NACS College Store Competency Model

Professionals in the higher education retail industry are unique. Different levels of skills, various interests, and individual professional goals create specific learning needs for each person. To support individual goals for professional development, NACS has created the NACS College Store Competency Model.

 

 
You can use the Competency Model as a tool in coaching, benchmarking performance, and targeting areas to focus upon.
 
Simply print a copy of the model and mark (or have your employee mark) those knowledge areas, skills, and abilities (KSAs) that have been mastered. Those KSAs not marked at the completion of this self-assessment are a good place to start in developing a professional development plan.
 
The complete list of tasks on the model might look overwhelming. But you can start slowly by using just one section (or domain) of the model, if you like.
 
The Competency Domains
Core competencies are those most critical, usually cross-functional, skills and practices that underlie and enable overall effectiveness within the industry. The competency domains are used to identify, organize, and communicate the knowledge and skills needed to exercise a comprehensive understanding of the industry. NACS programs and related resources are benchmarked on the competency areas to ensure that educational programs offer the scope of opportunities necessary within the industry.
 
Includes bookstore operating cycles, financial management, receiving, warehouse, loss prevention, and systems solutions. Glossary of Terms (PDF)
 
Includes the textbook planning cycle, textbook floor layout, communications and budget issues specific to course materials, copyright, new/used textbooks, projected sales analysis for course materials, ethical/legal considerations, digital content delivery, sell-through, custom publishing, reservations, buyback, and online textbook sales.
Glossary of Terms (PDF)Glossary of Terms for Digital Content (PDF), Glossary of Terms for E-learning (PDF)
 
Includes topics and skills related to attaining professional success, building quality work teams, hiring and managing performance, and the human resources functions. Glossary of Terms (PDF)
 
Includes marketing strategy and plan development, marketing vehicles, public relations, campus relations, campus contact communications, campus-wide partnerships, and sales and promotions. Glossary of Terms (PDF)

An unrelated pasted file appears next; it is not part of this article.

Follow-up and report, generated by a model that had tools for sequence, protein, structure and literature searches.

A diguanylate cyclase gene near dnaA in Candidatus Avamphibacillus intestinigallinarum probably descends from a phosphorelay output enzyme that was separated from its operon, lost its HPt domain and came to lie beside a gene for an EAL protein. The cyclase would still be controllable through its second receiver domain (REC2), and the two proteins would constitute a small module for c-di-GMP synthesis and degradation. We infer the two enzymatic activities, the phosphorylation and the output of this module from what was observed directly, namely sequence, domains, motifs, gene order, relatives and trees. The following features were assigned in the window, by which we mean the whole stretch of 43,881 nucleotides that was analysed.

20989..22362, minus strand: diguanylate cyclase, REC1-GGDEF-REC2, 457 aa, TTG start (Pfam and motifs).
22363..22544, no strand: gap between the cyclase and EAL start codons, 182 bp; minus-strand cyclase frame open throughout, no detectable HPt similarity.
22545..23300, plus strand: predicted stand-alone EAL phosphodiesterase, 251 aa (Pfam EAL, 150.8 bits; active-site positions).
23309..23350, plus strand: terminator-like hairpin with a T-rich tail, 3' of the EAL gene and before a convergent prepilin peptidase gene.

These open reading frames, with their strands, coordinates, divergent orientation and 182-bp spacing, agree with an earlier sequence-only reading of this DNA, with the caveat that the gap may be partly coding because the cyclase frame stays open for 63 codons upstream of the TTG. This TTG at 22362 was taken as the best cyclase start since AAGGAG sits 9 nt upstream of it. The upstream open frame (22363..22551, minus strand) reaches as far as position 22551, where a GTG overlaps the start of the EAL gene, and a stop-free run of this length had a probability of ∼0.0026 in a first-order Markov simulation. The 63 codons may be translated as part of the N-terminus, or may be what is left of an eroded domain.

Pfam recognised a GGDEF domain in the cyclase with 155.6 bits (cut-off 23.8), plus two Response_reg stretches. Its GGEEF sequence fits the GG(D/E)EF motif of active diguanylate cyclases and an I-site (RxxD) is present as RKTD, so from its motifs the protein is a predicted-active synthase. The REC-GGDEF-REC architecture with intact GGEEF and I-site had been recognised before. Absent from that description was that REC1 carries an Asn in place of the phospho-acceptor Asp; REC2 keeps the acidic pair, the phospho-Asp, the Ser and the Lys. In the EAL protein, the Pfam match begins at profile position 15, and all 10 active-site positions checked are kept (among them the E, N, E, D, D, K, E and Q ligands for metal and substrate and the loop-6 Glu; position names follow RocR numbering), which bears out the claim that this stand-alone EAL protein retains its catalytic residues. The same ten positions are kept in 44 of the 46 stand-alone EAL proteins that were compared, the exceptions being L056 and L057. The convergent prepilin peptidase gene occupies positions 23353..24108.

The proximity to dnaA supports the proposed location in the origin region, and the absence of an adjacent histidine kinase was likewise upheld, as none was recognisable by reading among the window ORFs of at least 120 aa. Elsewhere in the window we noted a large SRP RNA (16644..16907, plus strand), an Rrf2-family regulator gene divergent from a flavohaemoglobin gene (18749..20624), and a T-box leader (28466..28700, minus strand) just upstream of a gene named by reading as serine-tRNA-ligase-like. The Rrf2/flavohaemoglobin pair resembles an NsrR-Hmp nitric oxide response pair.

Includes general history of retail, retail planning, customer service, retail selling, product categories, inventory control and management, visual merchandising, promotion, advertising, and retail services and technologies.
Glossary of Terms (PDF)
 
Includes topics and skills related to three key areas: vision and mission; building procedures, policies, and practices; and creating and leading cultures. Glossary of Terms (PDF)
 
Experience Levels
The model's structure also addresses the experience level of participants on a given topic. The experience level refers to the amount of knowledge or application a person has relevant to a specific topic or skill-set—regardless of how long you've been a professional in the industry.

Threshold Education
provides the understanding and skills needed to effectively address a newly introduced area of operation or competency. Example: ISBNs in General Books or "Fair Use" in Copyright.
 
Intermediate Education provides opportunities to gain new ideas, enhance skills with cutting edge techniques, and remain current as the industry flexes in response to the market. This level of education also directly addresses personal growth and continuous enhancement of the soft skills necessary to manage and lead in the higher education retailing industry. Example: Effective practices in managing relationships with faculty and libraries regarding "Fair Use."
 
Advanced Education offers seasoned collegiate retailers skills and resources to address organization challenges such as visioning, strategic planning, goal setting, and exemplary practice identification. Example: Tracking changes in copyright law and interpreting the impact on the business model and outcomes for college stores.

 

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